Electronic Design

What's All This April Floobydust Stuff, Anyhow? (Part 12)

Since it's now June, you can consider this my April Fools' joke. And now on to the latest Floobydust items: There's a new educational facility on the Web, called Analog University, from National Semiconductor. It supplies good teaching materials on several linear and analog topics, as well as op amps, voltage regulators, and so forth. It has material on advanced, intermediate, and basic levels. It provides video lectures, Q&A, quizzes, and tests. Plus, it has a pretty good natural-language search engine and a knowledge base. If you have a question about something analog, and it doesn't make sense to you, try this out.

This is not just for analog-circuit design engineers. It helps any engineers who must learn how to do some linear circuits. Its purpose is to provide improved time-to-learning for people who have to design linear circuits with fast time-to-market. It's not just for NSC engineers, nor for NSC customers. It's for everybody, which means not just engineers. It's very good for technicians too. And who is the Dean of Analog University? RAP is the Dean. No fooling. You can check it out at www.national.com/analogu.

Some of us old-timers recall the "WOM," a "write-only memory." This was useful when a large number of bits were generated during high-speed testing and they had to be destroyed to prevent cache overflow, etc. This was announced by a famous four-color advertisement in many of the electronics magazines of the day. It must have cost a lot of money to run this advertisement. Was it really paid for by Signetics? Check out these Web pages: http://ganssle.com/misc/wom.html and www.ariplex.com/tina/tsignet1.htm.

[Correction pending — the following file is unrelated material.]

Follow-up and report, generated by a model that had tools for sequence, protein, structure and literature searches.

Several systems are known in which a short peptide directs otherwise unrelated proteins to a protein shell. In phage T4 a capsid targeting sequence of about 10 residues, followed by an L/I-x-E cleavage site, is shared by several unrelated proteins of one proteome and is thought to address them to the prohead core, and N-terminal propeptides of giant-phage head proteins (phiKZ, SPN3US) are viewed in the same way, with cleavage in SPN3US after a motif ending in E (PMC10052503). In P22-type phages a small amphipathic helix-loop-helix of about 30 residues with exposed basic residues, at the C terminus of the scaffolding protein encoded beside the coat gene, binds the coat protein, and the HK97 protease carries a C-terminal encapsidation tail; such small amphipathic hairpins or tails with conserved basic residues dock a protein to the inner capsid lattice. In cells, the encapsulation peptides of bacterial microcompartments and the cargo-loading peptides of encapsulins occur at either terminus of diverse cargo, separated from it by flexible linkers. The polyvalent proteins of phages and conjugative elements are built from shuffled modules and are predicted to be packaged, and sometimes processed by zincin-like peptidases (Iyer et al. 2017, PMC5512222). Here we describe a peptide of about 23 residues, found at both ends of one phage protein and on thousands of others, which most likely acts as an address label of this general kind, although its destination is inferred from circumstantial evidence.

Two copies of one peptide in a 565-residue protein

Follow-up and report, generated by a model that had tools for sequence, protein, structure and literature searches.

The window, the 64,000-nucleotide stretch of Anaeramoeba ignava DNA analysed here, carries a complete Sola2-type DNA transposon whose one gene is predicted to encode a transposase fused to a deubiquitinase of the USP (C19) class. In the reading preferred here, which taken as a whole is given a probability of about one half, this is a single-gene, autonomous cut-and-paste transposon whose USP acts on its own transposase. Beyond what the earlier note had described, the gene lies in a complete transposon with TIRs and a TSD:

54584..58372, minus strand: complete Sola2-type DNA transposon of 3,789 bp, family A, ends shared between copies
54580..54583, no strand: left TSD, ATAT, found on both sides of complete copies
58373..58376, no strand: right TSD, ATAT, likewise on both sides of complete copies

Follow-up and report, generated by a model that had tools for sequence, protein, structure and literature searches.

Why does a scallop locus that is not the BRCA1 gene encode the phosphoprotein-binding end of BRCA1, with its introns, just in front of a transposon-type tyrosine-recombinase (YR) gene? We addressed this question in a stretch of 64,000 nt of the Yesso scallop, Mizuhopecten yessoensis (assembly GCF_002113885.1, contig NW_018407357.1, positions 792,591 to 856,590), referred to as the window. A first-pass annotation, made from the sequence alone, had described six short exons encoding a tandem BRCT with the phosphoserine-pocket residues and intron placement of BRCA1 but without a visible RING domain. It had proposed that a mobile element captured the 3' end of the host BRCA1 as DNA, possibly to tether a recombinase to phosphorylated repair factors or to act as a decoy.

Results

This is a big book with lots of information on Professional Audio. Some of it is a pitch for good audio systems designed by Rane Corp., and some of it is an excellent encyclopedia on audio, edited by Dennis Bohn, the Dean of Floobydust. It's worth $34.95. You can buy it from Rane's Web site at www.rane.com/ranestore.html, or from Barnes & Noble.

If you look in this book under "Sound Pressure," you can learn that the reference point known as "0 dB" is really at 20 micropascals, which is about 2.90 nano psi (pounds per square inch). (It's actually 2.908, if you care, about 0.002 dB of accuracy.) Thus, the number of dB that corresponds to + and -1 atmosphere of peak pressure, or ±14.7 psi peaks, is about 191.1 dB. So when a sine wave of sound gets to that level, the peak pressure would be double atmospheric pressure, and trough pressure would be about zero, which is hard to generate or imagine.

How many of you guys have noticed this? You are listening to music, or even the pitch of your computer's fan, or a dial tone. Then as you bite down hard on some tough nuts or a popcorn cake, the pitch seems to dip momentarily by about half a note. I hear this plainly. Try it.

Doppler shift has a similar effect and is well understood, but it's quite different. Audio experts can give me no theories on why the number of cycles arriving at your ear (per second) seems to be changing when it isn't! Do you hear it?

Comments invited! [email protected] —or:
Mail Stop D2597A, National Semiconductor
P.O. Box 58090, Santa Clara, CA 95052-8090

Hide comments


  • Allowed HTML tags: <em> <strong> <blockquote> <br> <p>

Plain text

  • No HTML tags allowed.
  • Web page addresses and e-mail addresses turn into links automatically.
  • Lines and paragraphs break automatically.